The Faces of Cumberbatch. . .
. . .and one still to come
It has been many years since astronaut/geologist Jack Schmitt named Sherlock Crater on the Moon to recognize Sherlock Holmes' expertise as a geologist, and soon (well, fairly soon) there will be something Sherlockian much farther away from Earth. The National Air and Space Administration has provided details on the next rover NASA will send to Mars, in 2020, and you can read their press release here. The payload proposals include a spectrometer called SHERLOC, which is an acronym for Scanning Habitable Environments with Raman and Luminescence for Organics and Chemicals. The Jet Propulsion Laboratory's detailed description of SHERLOC is here.
The experiment, named by deputy principal investigator Rohit Bhartia, is indeed a tip-of-the-deerstalker to Sherlock Holmes: look closely at the shadow cast on the surface of Mars, and you'll see a familiar profile. The new rover has not yet been named, but it will be based mostly on the design of Curiosity, which has its own Twitter account and has been exploring the surface of Mars since August 2012. Curiosity was quick to tweet congratulations to the Mars 2020 science teams.
There's an image of the Moon's Sherlock Crater opposite, and if you want to know more you can read about the Valley of Taurus-Littrow in the Apollo 17 Lunar Surface Journal.
Unfortunately, the Apollo 17 astronauts did not get to Sherlock Crater. They spent so much time collecting the interesting orange soil at Shorty Crater that there wasn't time for Sherlock.
October 14, 2013 -- An actor, an explorer and Conan Doyle
Most of us have seen Benedict Cumberbatch as the BBC's Sherlock, which airs in the US on PBS. In addition to the six episodes that have been broadcast, three more have been shot and are in post production with no air dates announced yet. Many have also seen Cumberbatch in other films such as Tinker Tailor Soldier Spy in 2011 and Star Trek: Into Darkness this year. He has been busy indeed, and Ann Hornaday had a long interview with him in the Washington Post on Oct. 13 which you can read here.
What's next? He's in theaters now as Julian Assange in The Fifth Estate, and is due soon as Alan Turing in The Imitation Game. He has also been cast as Lt. Col. Percival Fawcett in The Lost City of Z, which is based on the 2009 book by David Grann with a script by Graham Moore. David Grann wrote "A Reporter at Large: Mysterious Circumstances" for The New Yorker (Dec. 13, 2005) about the mysterious death of Sherlockian expert Richard Lancelyn Green, and Graham Moore is the author of the 2010 pastiche The Sherlockian.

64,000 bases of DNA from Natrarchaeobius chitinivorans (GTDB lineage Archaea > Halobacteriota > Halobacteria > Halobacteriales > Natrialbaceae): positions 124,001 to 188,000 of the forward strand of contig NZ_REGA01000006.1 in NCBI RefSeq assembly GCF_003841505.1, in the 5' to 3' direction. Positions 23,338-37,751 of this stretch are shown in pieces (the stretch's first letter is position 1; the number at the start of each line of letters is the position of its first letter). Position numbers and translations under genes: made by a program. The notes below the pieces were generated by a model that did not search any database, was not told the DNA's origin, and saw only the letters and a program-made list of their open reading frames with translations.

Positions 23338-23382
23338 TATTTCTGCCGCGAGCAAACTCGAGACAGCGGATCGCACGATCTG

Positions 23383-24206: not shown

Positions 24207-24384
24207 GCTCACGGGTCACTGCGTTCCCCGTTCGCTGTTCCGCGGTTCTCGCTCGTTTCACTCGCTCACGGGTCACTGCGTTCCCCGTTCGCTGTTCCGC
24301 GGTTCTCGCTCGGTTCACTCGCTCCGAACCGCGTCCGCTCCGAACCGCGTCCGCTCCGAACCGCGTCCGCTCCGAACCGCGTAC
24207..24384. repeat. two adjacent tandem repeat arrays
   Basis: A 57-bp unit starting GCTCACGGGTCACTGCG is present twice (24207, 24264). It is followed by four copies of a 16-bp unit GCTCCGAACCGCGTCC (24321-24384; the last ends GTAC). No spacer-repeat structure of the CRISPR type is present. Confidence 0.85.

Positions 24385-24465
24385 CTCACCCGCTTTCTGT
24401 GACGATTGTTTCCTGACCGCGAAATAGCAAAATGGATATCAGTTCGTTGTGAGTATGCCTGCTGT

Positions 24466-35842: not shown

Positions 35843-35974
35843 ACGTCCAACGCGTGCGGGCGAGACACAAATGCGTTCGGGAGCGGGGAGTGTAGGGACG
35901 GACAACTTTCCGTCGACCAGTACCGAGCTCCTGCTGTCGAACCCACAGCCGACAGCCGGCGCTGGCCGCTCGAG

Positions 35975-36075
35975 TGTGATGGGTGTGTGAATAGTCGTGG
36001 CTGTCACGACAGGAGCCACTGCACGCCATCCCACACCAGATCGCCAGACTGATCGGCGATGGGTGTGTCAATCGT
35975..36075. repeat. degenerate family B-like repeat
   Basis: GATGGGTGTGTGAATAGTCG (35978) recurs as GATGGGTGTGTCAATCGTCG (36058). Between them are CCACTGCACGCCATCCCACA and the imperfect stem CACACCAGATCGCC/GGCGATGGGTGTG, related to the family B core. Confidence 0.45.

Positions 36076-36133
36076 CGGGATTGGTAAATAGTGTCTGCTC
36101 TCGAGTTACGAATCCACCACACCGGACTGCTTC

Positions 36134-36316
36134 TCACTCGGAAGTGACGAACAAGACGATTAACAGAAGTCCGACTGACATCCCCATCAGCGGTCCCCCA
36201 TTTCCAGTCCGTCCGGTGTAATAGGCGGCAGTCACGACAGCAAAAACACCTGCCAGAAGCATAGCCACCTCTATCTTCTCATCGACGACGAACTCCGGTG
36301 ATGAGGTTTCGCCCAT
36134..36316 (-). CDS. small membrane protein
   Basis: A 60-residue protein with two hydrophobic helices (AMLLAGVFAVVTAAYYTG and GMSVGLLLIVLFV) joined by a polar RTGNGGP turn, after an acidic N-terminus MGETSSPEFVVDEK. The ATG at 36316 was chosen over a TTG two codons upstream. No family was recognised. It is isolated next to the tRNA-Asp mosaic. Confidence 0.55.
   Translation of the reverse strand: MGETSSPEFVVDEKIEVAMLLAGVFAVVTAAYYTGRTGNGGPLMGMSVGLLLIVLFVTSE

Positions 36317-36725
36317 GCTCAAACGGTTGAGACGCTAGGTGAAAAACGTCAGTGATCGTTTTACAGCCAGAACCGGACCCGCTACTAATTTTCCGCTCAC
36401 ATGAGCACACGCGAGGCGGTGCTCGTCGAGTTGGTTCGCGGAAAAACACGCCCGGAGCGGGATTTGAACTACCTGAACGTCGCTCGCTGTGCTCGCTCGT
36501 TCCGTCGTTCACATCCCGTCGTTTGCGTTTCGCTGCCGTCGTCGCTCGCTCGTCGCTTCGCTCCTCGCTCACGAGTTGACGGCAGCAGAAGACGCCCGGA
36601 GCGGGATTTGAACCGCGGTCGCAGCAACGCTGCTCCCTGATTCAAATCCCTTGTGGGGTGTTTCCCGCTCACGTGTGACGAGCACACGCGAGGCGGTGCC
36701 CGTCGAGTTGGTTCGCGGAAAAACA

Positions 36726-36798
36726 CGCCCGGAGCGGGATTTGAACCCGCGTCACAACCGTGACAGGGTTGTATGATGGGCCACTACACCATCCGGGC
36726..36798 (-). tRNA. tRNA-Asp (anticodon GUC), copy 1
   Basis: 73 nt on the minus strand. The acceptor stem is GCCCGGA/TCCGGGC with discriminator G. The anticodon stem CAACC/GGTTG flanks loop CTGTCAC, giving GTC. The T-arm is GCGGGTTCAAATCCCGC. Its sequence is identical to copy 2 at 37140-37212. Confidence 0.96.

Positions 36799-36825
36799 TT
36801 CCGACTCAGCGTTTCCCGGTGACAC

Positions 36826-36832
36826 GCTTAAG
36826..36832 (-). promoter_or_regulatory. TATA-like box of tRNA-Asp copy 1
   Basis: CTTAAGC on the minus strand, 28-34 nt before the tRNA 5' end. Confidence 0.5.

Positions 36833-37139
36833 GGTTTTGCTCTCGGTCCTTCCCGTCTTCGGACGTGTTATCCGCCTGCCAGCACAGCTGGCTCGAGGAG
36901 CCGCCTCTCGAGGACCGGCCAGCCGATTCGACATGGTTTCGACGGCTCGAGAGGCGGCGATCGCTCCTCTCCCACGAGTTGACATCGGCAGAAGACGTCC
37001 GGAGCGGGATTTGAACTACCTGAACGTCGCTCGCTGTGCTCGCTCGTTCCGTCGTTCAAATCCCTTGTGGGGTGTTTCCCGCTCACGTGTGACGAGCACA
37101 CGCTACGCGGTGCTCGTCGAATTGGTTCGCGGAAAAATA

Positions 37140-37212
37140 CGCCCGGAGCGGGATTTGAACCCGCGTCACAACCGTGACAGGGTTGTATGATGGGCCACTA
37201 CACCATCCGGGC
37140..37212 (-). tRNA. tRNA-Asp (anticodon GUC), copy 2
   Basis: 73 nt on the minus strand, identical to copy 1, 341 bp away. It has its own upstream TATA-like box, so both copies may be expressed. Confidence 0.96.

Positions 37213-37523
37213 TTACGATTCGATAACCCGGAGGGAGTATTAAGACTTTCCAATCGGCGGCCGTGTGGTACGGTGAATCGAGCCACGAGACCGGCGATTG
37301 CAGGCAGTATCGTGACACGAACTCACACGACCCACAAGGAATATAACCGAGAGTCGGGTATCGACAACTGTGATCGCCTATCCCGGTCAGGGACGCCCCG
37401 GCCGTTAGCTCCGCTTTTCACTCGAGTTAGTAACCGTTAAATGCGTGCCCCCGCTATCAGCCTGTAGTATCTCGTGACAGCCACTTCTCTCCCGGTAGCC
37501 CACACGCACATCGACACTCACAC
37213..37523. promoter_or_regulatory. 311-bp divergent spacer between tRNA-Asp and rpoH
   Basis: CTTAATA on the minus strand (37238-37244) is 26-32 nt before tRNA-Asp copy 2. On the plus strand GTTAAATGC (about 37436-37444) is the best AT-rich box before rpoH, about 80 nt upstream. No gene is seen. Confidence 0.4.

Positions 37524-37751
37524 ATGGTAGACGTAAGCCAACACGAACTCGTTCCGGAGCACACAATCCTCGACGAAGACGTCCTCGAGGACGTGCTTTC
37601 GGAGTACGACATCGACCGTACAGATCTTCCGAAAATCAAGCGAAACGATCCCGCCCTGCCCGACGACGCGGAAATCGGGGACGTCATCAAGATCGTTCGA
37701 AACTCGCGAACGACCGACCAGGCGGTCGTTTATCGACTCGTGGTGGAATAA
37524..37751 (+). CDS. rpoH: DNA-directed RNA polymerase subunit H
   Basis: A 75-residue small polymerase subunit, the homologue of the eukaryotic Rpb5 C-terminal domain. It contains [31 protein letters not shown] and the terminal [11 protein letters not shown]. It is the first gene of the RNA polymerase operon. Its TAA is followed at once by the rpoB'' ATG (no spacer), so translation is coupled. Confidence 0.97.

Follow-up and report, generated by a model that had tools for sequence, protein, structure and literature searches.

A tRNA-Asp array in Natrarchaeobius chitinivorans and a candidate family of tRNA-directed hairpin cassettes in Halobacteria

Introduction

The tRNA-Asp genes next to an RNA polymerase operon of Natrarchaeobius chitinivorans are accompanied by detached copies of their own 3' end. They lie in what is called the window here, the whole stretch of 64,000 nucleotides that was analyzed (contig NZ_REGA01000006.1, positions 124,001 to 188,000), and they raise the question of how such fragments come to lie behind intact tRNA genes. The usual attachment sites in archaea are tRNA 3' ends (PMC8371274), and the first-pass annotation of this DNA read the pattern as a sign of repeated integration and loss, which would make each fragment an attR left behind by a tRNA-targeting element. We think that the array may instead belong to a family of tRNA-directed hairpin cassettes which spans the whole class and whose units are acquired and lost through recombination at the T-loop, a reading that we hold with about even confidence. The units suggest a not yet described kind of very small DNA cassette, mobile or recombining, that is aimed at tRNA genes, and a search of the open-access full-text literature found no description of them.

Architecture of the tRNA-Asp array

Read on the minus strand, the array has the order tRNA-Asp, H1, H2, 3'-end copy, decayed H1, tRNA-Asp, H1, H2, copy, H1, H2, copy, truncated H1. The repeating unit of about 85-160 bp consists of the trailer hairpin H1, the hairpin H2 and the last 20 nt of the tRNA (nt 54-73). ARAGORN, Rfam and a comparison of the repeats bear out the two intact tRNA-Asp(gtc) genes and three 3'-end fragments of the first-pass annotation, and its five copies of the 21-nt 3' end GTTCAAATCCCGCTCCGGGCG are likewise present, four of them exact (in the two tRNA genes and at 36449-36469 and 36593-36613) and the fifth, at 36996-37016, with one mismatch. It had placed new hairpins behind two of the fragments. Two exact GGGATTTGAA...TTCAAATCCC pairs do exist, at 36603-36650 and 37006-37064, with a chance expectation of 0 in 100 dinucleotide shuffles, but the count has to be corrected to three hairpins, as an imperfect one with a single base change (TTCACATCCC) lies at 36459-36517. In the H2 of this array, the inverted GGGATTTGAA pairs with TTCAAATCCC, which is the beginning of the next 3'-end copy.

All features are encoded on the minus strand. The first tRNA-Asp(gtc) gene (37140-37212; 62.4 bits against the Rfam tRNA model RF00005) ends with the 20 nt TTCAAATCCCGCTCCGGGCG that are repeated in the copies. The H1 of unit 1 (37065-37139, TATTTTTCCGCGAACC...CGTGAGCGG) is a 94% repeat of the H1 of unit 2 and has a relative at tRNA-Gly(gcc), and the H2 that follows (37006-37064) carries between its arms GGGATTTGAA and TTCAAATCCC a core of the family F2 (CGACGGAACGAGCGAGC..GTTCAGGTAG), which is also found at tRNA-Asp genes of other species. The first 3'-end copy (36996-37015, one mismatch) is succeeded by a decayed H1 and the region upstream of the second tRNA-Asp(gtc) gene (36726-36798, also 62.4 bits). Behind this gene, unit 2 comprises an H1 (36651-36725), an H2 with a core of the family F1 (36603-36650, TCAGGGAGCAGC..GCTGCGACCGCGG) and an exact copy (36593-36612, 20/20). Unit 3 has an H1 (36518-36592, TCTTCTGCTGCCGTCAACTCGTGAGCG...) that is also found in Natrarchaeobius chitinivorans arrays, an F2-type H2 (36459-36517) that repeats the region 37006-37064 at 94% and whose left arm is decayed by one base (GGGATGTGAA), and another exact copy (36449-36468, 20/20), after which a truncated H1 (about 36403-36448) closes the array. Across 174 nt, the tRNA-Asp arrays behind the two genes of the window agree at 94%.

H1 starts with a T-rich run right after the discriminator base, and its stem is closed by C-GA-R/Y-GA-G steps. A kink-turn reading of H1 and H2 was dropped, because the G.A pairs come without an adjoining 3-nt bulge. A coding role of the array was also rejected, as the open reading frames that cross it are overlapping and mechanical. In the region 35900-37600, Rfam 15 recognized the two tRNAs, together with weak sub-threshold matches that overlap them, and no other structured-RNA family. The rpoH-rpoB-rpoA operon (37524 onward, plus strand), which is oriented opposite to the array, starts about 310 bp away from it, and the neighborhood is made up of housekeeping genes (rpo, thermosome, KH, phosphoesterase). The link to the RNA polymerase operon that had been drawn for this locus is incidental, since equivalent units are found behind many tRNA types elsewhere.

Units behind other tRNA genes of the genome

But there's yet another connection between Cumberbatch's latest role as Lt. Col. Fawcett and Sir Arthur Conan Doyle. Fawcett spent many years trying to find a lost civilization hidden in the Matto Grosso in Brazil. His last expedition was in 1925 during which he vanished, never to be heard from again. A long list of explorers subsequently tried but failed to find Fawcett's lost city, and Grann's book is a colorful account of just how difficult it can be to do that sort of exploration.
Fawcett met Sir Arthur Conan Doyle in 1910, and you can read more about them in The Annotated Lost World, by Roy Pilot and Alvin Rodin. In it they quote from Fawcett's memoirs Exploration Fawcett where we learn that Fawcett was in London to lecture about his exploration of the Ricardo Franco Hills, and later wrote: "They stood like a lost world, forested to their tops. . .So thought Conan Doyle when later in London I spoke of these hills and showed photographs of them! He mentioned an idea for a novel on Central South America and asked for information, which I told him I should be glad to supply. The fruit of it was his 'Lost World'."